{
if(currImage == numOfImages-1)
{
loadedImages.push(imageLoader.content);
addChild(imageLoader.content);
imageLoader.content.scaleX = imageLoader.content.scaleY = 0.3;
imageLoader.content.x = currImage * 100 - 0;
imageLoader.contentLoaderInfo.removeEventListener(Event.COMPLETE,loadNext);
return;
}
loadedImages.push(imageLoader.content);
addChild(imageLoader.content);
imageLoader.content.scaleX = imageLoader.content.scaleY = 0.3;
imageLoader.content.x = currImage * 100 - 0;
currImage++;
imageRequest = new URLRequest(imagesList[currImage]);
trace(currImage);
imageLoader.load(imageRequest);
}

You can even go a step further, and create a class for holding each individual photo. You have now learned how to retrieve information from an xml, and load the appropriate content. In the next part we will cover how to make your loaded images into a real photo gallery.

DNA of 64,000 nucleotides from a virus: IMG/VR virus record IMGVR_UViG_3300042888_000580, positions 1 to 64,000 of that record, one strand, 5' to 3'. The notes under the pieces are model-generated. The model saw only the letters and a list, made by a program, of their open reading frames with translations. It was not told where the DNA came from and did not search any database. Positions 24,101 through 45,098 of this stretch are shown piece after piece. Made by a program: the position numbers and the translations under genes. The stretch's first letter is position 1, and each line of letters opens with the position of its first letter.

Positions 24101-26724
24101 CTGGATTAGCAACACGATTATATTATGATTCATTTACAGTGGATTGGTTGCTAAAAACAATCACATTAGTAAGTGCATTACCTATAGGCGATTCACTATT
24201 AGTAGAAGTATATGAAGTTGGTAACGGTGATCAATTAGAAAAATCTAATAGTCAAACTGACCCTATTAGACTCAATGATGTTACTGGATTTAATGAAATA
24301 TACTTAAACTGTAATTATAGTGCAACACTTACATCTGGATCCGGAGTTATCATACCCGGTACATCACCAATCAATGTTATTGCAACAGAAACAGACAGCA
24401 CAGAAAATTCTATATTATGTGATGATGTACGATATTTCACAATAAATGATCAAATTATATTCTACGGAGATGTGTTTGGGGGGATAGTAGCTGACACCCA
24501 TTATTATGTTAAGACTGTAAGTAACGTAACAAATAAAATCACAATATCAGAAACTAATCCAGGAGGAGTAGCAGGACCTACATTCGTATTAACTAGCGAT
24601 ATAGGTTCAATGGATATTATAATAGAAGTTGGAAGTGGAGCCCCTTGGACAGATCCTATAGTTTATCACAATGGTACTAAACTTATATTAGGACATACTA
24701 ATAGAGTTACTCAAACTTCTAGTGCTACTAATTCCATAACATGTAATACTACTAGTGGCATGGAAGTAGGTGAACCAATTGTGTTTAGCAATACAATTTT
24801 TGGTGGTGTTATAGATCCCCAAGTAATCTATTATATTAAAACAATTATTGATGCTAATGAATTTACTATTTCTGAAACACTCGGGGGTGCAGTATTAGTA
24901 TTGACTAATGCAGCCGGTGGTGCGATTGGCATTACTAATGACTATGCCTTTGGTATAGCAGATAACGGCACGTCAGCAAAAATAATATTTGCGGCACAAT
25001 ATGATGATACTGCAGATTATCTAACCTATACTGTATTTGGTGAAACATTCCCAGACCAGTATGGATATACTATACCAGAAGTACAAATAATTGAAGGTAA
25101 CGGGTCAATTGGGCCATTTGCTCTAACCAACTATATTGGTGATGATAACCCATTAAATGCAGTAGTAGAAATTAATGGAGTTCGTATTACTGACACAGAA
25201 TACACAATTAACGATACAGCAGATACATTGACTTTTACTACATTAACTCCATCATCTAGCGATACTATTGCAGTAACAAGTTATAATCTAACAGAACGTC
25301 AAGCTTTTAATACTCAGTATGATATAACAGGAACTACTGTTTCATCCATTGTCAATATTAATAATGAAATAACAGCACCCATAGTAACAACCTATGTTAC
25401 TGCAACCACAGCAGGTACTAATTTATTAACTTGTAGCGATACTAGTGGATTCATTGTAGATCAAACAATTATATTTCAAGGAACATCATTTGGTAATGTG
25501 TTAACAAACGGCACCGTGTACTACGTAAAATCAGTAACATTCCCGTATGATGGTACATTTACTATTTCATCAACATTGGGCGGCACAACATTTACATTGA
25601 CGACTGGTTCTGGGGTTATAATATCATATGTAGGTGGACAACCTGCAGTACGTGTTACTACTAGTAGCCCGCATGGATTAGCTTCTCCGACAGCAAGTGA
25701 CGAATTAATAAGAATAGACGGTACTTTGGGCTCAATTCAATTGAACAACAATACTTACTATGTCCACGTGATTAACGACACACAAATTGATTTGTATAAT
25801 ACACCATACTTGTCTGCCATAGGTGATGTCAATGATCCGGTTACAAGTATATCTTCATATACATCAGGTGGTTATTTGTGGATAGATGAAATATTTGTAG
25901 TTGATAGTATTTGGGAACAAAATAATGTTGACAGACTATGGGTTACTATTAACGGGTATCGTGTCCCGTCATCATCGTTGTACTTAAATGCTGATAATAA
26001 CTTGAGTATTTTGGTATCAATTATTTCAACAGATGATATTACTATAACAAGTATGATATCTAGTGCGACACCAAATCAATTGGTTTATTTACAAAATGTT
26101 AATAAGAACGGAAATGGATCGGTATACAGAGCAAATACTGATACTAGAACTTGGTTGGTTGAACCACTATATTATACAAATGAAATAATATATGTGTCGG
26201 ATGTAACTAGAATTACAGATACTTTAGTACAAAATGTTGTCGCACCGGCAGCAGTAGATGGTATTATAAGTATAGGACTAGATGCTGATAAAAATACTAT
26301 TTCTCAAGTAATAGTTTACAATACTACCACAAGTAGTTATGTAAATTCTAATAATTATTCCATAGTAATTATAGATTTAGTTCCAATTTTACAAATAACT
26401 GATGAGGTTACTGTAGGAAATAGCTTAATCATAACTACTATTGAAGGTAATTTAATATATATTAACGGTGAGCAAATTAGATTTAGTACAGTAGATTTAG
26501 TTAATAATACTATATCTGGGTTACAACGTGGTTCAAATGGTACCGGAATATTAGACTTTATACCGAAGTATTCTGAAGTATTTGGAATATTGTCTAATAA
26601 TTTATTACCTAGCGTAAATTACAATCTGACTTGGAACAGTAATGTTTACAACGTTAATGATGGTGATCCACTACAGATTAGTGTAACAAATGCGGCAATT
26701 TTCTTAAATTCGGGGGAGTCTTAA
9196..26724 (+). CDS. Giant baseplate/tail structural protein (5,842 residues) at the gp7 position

One thing to keep in mind is, for swfs that load contents, they have follow the path of the webpage that is loading them. In other words, the swf must be in the same folder as the html that loads the swf. For example, a path in the swf is source/code.txt, then that is talking about the path relative to the web page that loads the swf, not the swf it self.

 

Part 3: Decorating your Photo Gallery

Scroll Effect


As you can see, the bottom row of pictures scrolls around according to your mouse position, with a nice drag effect. This easily done with some simple acceleration, velocity, and damping math.

The pseudo code goes like this:

velocity += acceleration;
velocity *= damping;
position += velocity;